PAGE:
Breakfast alone may not be the solution to reducing obesity among American consumers, but some reformulation of morning selections could prove beneficial in the battle against the bulge according to the latest issue of Food Technology.
Published monthly by the Institute of Food Technologists, this issue’s cover story reviews recent food science, nutrition and metabolic research and translates it into food and ingredient combinations that could possibly lead to a reduction in consumers’ caloric intake and calorie absorption while meeting their needs to feel full after eating.
“Managing satiety holds promise as a means to control obesity,” says Mary Ellen Camire, Ph.D., an IFT expert in functional foods and sensory evaluation, and co-author of the cover story. “Expanding food volume with ingredients that contain no calories such as air or water offers a means to limit energy intake.”
“Some breakfast cereals could be processed for greater expansion and lower density. Bakery products could increase in size without increasing their energy value.” However, “processing effects on digestibility should be evaluated before adopting such an approach,” she says.
“Sensory quality of satiating foods requires careful balancing: Not high enough and consumers will not use the product; too good and they may be tempted to eat larger portions than desirable.”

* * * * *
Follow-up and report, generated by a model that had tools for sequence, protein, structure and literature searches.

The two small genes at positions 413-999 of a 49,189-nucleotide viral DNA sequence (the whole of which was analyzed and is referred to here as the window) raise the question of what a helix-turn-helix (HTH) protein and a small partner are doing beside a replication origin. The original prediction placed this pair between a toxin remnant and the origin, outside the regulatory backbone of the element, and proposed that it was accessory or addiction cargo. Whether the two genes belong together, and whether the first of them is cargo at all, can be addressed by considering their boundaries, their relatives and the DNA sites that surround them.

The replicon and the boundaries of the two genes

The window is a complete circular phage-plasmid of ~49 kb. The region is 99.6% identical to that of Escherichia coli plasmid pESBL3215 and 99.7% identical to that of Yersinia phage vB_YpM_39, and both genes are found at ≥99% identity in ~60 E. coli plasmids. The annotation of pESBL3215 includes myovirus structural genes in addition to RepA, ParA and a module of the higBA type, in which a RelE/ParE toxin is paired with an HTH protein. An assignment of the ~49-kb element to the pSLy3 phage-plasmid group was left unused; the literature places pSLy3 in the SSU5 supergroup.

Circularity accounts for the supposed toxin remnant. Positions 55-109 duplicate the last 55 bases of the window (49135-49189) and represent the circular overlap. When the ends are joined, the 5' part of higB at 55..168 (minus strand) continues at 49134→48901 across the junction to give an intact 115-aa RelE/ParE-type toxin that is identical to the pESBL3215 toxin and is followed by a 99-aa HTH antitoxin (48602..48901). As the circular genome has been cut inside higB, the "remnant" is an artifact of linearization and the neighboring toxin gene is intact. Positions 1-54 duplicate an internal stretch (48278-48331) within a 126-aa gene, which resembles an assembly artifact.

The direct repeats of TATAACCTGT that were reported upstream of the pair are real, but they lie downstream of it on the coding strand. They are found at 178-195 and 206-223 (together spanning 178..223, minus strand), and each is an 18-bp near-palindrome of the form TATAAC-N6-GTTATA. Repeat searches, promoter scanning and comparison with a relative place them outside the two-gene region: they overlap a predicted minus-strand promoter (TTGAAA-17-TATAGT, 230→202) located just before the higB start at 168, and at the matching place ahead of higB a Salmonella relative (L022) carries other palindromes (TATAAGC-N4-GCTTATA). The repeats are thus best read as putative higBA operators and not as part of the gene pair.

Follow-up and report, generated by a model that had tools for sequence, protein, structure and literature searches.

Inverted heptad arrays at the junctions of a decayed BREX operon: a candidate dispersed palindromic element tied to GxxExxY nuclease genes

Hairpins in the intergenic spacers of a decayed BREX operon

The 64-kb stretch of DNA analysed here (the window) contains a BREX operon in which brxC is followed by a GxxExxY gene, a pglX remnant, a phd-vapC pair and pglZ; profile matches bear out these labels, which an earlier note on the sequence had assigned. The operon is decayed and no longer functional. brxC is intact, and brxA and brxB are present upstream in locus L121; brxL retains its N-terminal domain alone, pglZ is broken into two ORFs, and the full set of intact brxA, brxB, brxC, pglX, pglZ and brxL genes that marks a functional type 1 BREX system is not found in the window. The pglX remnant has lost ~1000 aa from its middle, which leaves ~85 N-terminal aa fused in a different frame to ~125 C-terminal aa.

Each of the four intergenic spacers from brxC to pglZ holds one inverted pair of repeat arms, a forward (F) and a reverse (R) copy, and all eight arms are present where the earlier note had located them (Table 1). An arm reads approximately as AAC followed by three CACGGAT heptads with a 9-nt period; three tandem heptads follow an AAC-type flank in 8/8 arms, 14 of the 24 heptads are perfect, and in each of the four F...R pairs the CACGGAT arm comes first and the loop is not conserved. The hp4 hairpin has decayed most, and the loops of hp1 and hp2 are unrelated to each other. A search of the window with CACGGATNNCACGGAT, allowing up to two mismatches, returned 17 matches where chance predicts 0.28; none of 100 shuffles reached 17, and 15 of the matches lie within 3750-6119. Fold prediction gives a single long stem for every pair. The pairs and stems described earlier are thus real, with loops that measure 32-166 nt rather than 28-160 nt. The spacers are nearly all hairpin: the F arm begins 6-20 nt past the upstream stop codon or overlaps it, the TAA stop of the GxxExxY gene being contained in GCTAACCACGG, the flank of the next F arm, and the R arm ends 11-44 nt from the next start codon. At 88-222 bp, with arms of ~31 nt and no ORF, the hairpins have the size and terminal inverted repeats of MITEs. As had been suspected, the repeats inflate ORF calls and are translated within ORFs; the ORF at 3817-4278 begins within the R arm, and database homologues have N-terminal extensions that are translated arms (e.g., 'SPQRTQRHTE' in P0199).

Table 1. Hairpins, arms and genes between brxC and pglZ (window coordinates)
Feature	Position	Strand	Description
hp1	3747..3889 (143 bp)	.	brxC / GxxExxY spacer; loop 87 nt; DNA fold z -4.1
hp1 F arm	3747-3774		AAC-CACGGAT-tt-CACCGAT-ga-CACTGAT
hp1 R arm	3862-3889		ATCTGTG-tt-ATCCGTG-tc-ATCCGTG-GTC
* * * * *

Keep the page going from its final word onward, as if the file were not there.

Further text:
Building a better breakfast promoting healthy weight among consumers requires an understanding of proteins, carbohydrates, fiber, food volume, and more. As food companies improve their understanding of these and other effects on people’s satiety the promise of controlling obesity may result, according to the article.
Published monthly by IFT, Food Technology provides news and analysis of the development, use, quality, safety, and regulation of food sources, products, and processes. The latest issue is accessible online at ift/foodtechnology.
Founded in 1939, and with world headquarters in Chicago, Illinois, USA, the Institute of Food Technologists is a not-for-profit international scientific society with 22,000 members working in food science, technology and related professions in academia, government and industry. As the society for food science and technology, IFT brings sound science to the public discussion of food issues. For more, see ift.
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